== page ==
Jasper Technologies: The company provides a cloud-based platform for monitoring Internet of Things devices. Cisco saw the $1.4 billion January, 2016 acquisition as more than just a technology play -- Cisco saw it as pivotal to to its transition to recurring service contracts. (See Cisco Looks to Jasper Acquisition to Transform Enterprises – & Itself and Cisco Buys IoT Cloud Provider Jasper for $1.4B.)

Meraki Networks: Cisco shelled out $1.2 billion in 2012 for the company specializing in cloud-based WiFi management. Since then, Cisco has broadened the platform to a broad range of network management services delivered over the cloud. (See Cisco Shells Out $1.2B for Meraki and Why Cisco Wants Meraki's Wi-Fi Smarts.)

Sourcefire: That company's $2.7 billion 2013 acquisition was a big security step for Cisco. Sourcefire provides intrusion and malware prevention. Founder Martin Roesch now serves as vice president and chief architect of Cisco's Security Business Group. (See Cisco Banks On Sourcefire And Snort For Its Security Future.)

OpenDNS: Cisco scooped up that company, which provides DNS protection, in 2015 for $635 million. OpenDNS CEO David Ulevitch is now vice president of Cisco's security business group. (See Cisco to Buy Security Expert for $635M and Ulevitch to Head Cisco's Security Operations.)

Accompany: Cisco bought the vendor of sales AI tools in May for $270 million, and installed CEO-founder Amy Chang as senior vice president in charge of Cisco's collaboration group. Accompany provides a platform for finding new prospects, navigating sales and strengthening relationships, and Cisco plans to embed Accompany across its collaboration portfolio. (See Cisco Acquires AI Firm for $270M – CEO to Head Collaboration.)

Broadsoft: Cisco acquired the cloud-based unified communications specialist for $1.9 billion in 2017.

July Systems: Cisco bought that company in June for its technology that uses WiFi to locate customers, employees and visitors inside facilities. Cisco is seeking to enable enterprises to provide better WiFi connectivity, as well as improving services by learning more about how people are using facilities. Terms of the deal were not disclosed. (See Cisco Buys July Systems to Help Track People Indoors.)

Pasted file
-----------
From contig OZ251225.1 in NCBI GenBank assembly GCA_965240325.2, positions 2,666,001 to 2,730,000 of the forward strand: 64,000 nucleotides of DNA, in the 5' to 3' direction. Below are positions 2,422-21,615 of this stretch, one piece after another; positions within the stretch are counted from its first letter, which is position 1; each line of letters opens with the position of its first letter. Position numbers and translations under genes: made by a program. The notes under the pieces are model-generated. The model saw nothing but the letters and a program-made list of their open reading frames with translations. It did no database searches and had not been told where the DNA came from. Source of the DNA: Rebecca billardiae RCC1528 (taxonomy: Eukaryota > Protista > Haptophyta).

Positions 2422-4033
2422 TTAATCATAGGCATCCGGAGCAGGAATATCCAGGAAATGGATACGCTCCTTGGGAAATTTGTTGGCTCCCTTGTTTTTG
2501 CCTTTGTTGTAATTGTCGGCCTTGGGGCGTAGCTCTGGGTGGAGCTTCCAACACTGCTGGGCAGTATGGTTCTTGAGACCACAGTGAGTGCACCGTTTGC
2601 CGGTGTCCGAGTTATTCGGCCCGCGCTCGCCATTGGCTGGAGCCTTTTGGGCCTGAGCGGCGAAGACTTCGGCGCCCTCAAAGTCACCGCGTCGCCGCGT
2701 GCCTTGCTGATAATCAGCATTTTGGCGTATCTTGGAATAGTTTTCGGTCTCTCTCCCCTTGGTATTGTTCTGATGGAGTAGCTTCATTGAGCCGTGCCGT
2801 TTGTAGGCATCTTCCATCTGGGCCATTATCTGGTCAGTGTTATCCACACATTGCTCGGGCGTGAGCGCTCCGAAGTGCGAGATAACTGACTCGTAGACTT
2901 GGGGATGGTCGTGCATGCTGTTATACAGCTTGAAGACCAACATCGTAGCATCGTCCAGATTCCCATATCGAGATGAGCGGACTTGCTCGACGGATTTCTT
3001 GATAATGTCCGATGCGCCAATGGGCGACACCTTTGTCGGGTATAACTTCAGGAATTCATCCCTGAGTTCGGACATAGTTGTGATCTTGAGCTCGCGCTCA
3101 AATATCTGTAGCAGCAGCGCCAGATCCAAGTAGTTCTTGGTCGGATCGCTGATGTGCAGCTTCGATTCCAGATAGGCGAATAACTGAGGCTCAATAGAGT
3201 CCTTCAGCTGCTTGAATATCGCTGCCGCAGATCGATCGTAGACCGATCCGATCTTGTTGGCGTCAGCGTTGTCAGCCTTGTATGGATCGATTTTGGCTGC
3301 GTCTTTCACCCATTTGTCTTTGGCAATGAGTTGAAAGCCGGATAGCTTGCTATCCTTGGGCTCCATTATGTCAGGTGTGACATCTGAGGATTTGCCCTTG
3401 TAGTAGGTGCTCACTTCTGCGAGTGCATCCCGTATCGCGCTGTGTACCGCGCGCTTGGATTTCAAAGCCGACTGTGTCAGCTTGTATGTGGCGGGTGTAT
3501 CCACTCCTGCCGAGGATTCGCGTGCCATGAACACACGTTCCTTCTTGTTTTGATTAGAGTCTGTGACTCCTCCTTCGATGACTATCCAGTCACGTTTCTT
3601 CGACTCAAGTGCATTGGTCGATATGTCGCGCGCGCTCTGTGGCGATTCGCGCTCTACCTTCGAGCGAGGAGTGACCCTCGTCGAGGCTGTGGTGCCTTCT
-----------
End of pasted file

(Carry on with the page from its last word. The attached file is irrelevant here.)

Skyport Systems: Acquired in January, the company provides secure infrastructure using hyperconverged systems managed over the cloud, with security built into the hardware. Terms of the acquisition were not disclosed. (See Cisco to Buy Skyport Systems for Cloud Security.)

— Mitch Wagner Follow me on Twitter Visit my LinkedIn profile Visit me on Tumblr Follow me on Facebook Executive Editor, Light Reading

About the Author(s)

Mitch Wagner

Executive Editor, Light Reading

San Diego-based Mitch Wagner is many things. As well as being "our guy" on the West Coast (of the US, not Scotland, or anywhere else with indifferent meteorological conditions), he's a husband (to his wife), dissatisfied Democrat, American (so he could be President some day), nonobservant Jew, and science fiction fan. Not necessarily in that order.

He's also one half of a special duo, along with Minnie, who is the co-habitor of the West Coast Bureau and Light Reading's primary chewer of sticks, though she is not the only one on the team who regularly munches on bark.

Wagner, whose previous positions include Editor-in-Chief at Internet Evolution and Executive Editor at InformationWeek, will be responsible for tracking and reporting on developments in Silicon Valley and other US West Coast hotspots of communications technology innovation.

Beats: Software-defined networking (SDN), network functions virtualization (NFV), IP networking, and colored foods (such as 'green rice').